Even the most amateur of gardeners will not shy away from growing squash. Squash is known to be a good friend of warm climate and does not grow in cold temperatures. A type of squash available in winter can be grown in summer by storing right through the winter and that’s how the name came into being. The skin of winter squash is hard and thick.
Pumpkin, Hubbarb squash, Delicata squash, buttercup squash, butternut squash are among many winter squashes available. If you are looking forward to growing squash, here is the way to go.
The soil needs to be frost free and warm. This must be the condition of soil at least three months before planning to grow squash. Initially, there is no harm in planting the seeds indoors before the last frost date. You can always transplant the seeds outdoors when the climatic conditions get more favorable. With a pH level of 6.0 to 6.5, the soil is ideal and ready to take on any squash challenge. Spacing the seeds adequately is crucial as they grow pretty large. Sunlight is again an important component in the growth of squash. Planting in the corner of your garden is a good idea with a gap of at least five feet between each hill created while sowing.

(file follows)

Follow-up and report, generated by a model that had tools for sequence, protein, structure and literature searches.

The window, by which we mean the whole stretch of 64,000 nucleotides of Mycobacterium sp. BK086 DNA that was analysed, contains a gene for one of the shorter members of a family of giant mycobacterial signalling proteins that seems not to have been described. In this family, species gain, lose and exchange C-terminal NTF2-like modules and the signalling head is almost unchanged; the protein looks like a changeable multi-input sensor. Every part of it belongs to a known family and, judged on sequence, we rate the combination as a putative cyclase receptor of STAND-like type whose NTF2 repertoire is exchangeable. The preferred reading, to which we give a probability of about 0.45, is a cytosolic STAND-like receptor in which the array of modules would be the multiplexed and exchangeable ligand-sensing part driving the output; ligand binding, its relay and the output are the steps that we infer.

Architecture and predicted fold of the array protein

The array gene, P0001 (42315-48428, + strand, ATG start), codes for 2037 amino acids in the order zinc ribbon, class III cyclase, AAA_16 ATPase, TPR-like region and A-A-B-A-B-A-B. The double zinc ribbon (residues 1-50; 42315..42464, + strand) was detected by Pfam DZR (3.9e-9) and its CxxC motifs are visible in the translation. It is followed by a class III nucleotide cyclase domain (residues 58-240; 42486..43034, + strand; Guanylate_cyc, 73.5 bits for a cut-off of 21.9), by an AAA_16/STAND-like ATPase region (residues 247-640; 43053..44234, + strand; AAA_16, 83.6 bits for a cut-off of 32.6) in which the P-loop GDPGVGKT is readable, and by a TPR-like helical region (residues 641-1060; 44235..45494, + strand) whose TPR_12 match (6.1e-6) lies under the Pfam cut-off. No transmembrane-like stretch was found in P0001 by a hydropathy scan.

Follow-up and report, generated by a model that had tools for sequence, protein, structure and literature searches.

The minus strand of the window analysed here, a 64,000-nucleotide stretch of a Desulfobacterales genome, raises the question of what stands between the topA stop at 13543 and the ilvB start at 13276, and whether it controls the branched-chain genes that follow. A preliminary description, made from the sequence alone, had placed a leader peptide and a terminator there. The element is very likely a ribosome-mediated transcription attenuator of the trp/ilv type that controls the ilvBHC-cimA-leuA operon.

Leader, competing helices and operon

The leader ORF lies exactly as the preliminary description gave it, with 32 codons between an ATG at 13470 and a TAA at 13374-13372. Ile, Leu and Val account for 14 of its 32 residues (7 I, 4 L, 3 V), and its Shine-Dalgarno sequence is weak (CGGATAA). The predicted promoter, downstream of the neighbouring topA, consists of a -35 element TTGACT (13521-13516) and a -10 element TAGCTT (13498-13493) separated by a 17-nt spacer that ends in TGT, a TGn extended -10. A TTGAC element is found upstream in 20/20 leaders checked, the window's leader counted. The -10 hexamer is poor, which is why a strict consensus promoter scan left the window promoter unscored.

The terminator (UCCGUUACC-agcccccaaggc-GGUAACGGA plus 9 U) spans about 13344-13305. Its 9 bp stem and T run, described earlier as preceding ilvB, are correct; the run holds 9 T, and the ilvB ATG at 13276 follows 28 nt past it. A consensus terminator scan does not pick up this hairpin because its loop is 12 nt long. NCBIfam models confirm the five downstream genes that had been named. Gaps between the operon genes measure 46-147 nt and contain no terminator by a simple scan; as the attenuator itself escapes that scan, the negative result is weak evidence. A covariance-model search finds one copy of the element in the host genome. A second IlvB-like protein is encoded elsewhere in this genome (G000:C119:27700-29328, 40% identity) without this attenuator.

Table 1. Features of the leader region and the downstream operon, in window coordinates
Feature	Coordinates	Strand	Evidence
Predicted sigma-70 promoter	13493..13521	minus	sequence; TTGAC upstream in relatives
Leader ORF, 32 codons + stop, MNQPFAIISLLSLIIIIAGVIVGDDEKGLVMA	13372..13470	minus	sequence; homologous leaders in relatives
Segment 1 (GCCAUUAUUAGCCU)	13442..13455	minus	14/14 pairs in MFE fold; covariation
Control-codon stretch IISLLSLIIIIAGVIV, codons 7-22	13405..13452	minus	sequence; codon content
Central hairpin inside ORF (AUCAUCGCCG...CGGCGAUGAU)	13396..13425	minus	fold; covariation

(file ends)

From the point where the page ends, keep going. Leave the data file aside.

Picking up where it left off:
To ensure the soil is perfect, mix the compost and organic fertilizer well in the soil. Ideally six seeds per hill should be enough however watering the soil well is very important. The seeds once sowed takes at least 10 days to germinate. Row covers can help protect the seeds well from pests, rabbits, rats and always ensures continuous supply of sunlight. If you find that the rind cannot be pierced with fingertips then the fruit is ready to be harvested. Leave at least one inch of plant in the ground and cut from there. Once cut, wash the leaves well to get rid of any dirt and store it in cool place for at least two more weeks. Keep a check on the fruits for any decay that may possibly happen.
The entire process of growing squash is a matter of about two months.
Growing squash requires some attention to detail but is pretty easy and one for your garden.
Tags: Growing Squash